As the insightful and entertaining host of “Hardball,” airing daily on MSNBC, Chris Matthews has awards and accolades galore. But lately he has slipped into two annoying habits: he clips syllables from words he speaks, and he cuts off words from the sentences of his guests.

Chris Matthews

I enjoy watching “Hardball,” the MSNBC program hosted by the venerable political observer Chris Matthews. The man is impressively astute about people and public policy. But in his push to cover as much news as possible, he has fallen victim to the dreaded verbal disease known as SD. Yes, I’m afraid that Matthews suffers from Syllable Drop.

Listening to Matthews rush through his monologues, one cannot help but notice his use of truncated language. Let’s take a moment to consider some examples of the way he pronounces words.

CM Economic Speech Patterns

“Washtin” — as in “Washtin, DC or the Washtin Post.”

“Hillry” — as in “Hillry Clinton.”

“Masschewsit” — as in “Bahstin, Masschewsit.”

“Presdnt” — as in “Presdnt Obama.”

“absoly” — as in “There is absoly no truth to the rumor of my sleeping with those twins.”

“oppzit” — as in “up is the oppzit of down.”

“negtive” and “poztive” — as in “poztive is the oppzit of negtive.”

“genrull” and “lecshun” — often combined as in “November 8th is the genrullecshun.”

Like a lot of us, he shortens contractions. Thus, “don’t” becomes “doan.” Also like most of us, he even shortens one-syllable words, as in “th” instead of “the” and “wh” instead of “with.”

Stepping On Lines

It sometimes seems as if Matthews’ headlong plunge into each of his show’s segments causes him to ignore the full extent of what his guests have to say. To maintain an inexorable forward momentum, he steps on others’ lines. Like so:

GUEST: I’m glad you asked me that, Chris, because it is vital to note that the most important part of this whole crucial situation is when the–

MATTHEWS: And I’m not even sure they always have the votes for it. Thank you for your observations. You’re once again prescient, as usual.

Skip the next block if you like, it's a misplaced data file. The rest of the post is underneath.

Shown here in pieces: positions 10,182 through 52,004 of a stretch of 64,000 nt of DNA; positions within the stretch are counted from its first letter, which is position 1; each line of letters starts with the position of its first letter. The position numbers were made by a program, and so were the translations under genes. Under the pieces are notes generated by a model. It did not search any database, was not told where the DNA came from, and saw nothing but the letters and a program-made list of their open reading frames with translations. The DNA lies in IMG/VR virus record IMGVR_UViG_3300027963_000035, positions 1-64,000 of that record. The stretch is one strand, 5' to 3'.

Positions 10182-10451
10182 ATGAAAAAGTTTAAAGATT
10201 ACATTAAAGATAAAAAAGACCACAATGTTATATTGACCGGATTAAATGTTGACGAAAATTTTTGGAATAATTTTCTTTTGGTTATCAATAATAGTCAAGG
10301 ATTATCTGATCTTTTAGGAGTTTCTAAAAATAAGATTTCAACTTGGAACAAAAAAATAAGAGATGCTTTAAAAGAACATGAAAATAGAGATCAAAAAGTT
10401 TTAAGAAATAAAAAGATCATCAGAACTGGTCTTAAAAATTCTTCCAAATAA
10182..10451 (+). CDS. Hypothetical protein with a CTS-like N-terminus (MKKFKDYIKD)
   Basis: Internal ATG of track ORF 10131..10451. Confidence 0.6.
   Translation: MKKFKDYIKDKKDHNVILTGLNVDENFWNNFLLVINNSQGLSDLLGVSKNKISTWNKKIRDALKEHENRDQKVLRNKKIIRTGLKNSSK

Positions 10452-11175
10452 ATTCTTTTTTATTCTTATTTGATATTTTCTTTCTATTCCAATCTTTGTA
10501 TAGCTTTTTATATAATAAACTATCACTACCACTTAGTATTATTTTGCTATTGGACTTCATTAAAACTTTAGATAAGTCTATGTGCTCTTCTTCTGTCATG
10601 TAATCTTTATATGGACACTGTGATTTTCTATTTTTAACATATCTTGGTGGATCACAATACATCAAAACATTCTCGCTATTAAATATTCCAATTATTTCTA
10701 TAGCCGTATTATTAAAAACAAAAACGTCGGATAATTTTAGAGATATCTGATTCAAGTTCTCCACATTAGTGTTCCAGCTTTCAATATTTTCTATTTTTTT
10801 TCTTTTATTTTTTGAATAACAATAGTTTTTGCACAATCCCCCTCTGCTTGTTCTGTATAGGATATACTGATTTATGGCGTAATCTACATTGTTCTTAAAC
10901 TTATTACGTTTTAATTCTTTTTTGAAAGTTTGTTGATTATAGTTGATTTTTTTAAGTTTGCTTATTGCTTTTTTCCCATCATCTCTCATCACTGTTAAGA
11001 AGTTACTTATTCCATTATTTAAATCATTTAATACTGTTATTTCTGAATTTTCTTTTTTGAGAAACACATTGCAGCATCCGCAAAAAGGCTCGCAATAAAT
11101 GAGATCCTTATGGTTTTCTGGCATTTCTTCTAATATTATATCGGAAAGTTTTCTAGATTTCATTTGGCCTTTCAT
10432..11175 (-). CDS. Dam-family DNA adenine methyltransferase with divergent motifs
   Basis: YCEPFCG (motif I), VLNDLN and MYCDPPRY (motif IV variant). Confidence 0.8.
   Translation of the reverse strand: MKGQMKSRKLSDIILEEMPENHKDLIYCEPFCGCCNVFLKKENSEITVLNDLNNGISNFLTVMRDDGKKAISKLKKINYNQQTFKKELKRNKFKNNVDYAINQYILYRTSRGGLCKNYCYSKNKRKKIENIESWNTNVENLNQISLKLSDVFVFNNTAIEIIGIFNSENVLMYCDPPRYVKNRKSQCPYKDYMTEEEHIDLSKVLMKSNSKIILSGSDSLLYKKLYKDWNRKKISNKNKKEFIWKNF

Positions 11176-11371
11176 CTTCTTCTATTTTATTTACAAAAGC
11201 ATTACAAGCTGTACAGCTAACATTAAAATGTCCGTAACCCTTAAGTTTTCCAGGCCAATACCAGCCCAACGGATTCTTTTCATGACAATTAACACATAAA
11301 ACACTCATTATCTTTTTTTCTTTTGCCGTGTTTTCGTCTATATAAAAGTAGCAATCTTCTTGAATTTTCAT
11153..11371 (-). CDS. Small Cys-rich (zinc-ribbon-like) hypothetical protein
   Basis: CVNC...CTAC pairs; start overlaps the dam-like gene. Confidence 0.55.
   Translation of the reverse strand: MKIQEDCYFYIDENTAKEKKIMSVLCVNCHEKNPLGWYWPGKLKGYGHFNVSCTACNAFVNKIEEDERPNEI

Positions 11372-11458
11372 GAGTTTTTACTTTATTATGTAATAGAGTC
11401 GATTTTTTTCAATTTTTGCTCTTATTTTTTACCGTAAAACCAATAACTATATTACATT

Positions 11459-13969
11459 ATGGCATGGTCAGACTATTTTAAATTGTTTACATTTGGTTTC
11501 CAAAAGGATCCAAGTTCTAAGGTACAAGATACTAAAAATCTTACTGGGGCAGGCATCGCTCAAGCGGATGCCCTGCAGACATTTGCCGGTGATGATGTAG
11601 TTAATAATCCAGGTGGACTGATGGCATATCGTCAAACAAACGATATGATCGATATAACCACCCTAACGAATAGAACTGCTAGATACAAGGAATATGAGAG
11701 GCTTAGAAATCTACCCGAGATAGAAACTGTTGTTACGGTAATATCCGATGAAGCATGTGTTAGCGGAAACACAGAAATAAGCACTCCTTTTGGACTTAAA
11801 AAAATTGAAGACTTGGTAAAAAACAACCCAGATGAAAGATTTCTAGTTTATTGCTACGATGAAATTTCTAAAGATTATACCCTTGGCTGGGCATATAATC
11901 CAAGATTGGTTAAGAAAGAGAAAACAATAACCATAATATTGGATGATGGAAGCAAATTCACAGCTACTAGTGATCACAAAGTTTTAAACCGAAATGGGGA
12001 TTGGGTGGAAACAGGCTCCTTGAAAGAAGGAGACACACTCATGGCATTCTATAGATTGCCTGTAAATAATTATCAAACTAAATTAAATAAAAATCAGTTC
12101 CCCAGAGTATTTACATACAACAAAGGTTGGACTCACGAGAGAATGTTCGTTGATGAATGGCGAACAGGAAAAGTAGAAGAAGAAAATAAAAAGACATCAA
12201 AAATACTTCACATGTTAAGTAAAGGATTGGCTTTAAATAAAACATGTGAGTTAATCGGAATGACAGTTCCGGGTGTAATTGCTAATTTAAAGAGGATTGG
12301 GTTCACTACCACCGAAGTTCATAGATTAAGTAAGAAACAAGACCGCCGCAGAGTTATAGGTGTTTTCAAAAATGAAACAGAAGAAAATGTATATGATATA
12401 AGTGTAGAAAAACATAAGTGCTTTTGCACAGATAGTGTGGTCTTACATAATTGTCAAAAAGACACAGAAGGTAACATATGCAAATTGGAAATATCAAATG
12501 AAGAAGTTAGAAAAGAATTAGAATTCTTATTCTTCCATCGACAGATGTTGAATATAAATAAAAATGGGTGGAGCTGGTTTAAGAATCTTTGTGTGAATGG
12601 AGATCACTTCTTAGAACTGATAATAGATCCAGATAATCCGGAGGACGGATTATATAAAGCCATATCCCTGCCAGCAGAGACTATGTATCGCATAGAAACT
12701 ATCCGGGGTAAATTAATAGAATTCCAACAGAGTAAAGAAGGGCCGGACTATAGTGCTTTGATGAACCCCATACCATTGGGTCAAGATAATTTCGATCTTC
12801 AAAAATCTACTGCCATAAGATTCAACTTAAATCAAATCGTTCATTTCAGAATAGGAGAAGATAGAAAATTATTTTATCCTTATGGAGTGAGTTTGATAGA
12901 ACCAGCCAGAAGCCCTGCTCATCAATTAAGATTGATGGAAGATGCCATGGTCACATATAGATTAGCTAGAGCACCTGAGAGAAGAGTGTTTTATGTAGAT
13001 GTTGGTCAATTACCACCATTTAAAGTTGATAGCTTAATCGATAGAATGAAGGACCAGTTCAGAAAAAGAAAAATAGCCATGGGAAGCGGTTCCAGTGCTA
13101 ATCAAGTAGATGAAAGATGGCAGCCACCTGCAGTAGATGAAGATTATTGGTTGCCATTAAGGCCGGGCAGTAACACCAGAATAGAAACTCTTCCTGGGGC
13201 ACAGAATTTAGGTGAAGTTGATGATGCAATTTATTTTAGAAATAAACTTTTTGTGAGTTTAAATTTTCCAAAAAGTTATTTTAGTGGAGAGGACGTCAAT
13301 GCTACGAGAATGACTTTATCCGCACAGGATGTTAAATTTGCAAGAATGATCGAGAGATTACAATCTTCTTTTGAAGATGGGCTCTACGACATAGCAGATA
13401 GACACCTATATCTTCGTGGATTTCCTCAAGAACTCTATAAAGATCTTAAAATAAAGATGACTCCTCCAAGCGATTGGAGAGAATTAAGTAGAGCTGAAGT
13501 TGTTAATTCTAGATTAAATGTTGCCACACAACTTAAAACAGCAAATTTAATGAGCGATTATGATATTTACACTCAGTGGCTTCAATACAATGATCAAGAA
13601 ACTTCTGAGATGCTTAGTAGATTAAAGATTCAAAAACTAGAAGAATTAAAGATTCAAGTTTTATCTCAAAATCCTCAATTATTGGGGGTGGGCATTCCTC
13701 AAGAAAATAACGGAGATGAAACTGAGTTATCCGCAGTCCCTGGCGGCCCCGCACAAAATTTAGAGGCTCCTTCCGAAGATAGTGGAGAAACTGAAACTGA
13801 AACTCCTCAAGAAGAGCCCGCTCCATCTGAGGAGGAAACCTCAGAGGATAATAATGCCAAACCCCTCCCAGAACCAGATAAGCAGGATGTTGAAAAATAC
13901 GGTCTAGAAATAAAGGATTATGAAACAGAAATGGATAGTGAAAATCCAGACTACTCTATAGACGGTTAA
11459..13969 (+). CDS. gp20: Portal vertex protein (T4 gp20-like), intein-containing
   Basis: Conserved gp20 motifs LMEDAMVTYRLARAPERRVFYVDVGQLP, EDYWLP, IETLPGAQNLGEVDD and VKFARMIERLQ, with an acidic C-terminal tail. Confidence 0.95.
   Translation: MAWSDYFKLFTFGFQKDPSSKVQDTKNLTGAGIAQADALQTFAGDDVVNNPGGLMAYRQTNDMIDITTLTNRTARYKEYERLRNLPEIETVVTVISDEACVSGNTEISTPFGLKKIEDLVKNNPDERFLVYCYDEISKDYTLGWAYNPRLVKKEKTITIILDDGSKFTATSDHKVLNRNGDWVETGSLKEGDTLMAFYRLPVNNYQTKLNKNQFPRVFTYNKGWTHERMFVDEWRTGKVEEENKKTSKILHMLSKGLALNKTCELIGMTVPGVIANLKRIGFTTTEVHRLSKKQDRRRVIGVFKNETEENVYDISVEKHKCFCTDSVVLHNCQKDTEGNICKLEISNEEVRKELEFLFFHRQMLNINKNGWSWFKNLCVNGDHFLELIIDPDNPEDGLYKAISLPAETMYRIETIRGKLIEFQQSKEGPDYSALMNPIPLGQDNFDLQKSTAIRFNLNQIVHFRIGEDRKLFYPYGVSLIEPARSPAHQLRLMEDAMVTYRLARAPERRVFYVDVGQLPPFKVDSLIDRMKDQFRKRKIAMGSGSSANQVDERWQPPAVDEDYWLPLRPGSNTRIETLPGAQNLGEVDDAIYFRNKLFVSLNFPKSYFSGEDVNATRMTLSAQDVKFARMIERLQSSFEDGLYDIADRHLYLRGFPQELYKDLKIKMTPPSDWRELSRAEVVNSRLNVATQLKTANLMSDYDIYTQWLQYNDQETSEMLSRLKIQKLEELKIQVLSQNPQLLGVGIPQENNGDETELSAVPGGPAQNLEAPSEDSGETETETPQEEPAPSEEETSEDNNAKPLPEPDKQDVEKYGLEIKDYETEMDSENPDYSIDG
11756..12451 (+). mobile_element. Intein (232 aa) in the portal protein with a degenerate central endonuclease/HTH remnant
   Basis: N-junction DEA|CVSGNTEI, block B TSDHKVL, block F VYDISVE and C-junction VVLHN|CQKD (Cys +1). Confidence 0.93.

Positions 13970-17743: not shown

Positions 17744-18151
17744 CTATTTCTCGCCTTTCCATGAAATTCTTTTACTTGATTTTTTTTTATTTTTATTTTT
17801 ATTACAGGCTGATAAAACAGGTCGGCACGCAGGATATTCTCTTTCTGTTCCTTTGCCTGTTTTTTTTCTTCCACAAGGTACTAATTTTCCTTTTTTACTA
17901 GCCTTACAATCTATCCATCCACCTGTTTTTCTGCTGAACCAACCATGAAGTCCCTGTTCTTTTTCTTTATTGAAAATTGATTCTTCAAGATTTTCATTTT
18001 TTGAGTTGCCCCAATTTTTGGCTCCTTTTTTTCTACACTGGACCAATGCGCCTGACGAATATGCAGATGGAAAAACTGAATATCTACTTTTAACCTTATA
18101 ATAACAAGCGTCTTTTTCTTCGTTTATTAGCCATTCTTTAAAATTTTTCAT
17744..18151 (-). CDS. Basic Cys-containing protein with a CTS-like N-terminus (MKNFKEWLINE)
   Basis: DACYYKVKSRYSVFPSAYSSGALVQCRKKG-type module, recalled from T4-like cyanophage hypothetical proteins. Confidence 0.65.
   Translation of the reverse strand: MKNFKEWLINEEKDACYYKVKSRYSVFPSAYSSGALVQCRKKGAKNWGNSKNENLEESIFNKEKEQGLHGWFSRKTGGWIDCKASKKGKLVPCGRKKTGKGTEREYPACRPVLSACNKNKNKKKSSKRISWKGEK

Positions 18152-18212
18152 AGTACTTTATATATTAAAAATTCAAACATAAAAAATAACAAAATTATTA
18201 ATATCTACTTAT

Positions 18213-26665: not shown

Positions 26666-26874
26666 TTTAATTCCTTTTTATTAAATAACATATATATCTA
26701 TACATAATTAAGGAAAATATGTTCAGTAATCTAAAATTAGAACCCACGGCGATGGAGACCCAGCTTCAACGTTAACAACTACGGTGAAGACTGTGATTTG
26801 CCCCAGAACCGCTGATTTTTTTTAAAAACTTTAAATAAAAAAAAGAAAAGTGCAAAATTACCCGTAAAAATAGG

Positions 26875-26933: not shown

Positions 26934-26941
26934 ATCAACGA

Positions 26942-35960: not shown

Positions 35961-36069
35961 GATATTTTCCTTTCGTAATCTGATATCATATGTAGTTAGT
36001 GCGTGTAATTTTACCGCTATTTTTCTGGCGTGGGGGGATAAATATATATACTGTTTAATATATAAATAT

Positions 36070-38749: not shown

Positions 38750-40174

That kind of thing happens fairly often. Worst of all, it happens a lot more when the guest is a woman who is of the female persuasion. This conversational misogyny bothers me, so imagine how irksome it must be to women who are themselves of the female persuasion.

Why Bother With Guests?

As much as Matthews saves time by dropping syllables from his words and cutting off words from other peoples’ statements, he also has another idiosyncrasy: a tendency to run roughshod over his guests before they even get started with presenting their opinions, which leads to exchanges like this:

MATTHEWS: The congressional leadership runs a risk with their current lack of action, don’t you agree?

GUEST: The data–

MATTHEWS: It just seems to me that they are turning their backs on their constituents. Your thoughts?

GUEST: The data–

MATTHEWS: It may be common but it just seems flat out wrong! Go ahead.

GUEST: The data–

MATTHEWS: I don’t know about you, but I’ve never seen anything like it.

GUEST: Sure. Well, the data–

MATTHEWS: We’ve run out of time but it’s always great to have you on the show. Coming up next, what the Washtin Post wrote about Hillry on her visit to Bahstin, Masschewsit.

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This opinion piece is Copr. © 2016 by John Scott G and originally published on – a publication of Neotrope® – all commercial and reprint rights reserved. Some elements use satire to make a point on the absurdity of modern politics. Illustrations by and © JSG. Opinions expressed are solely those of the author.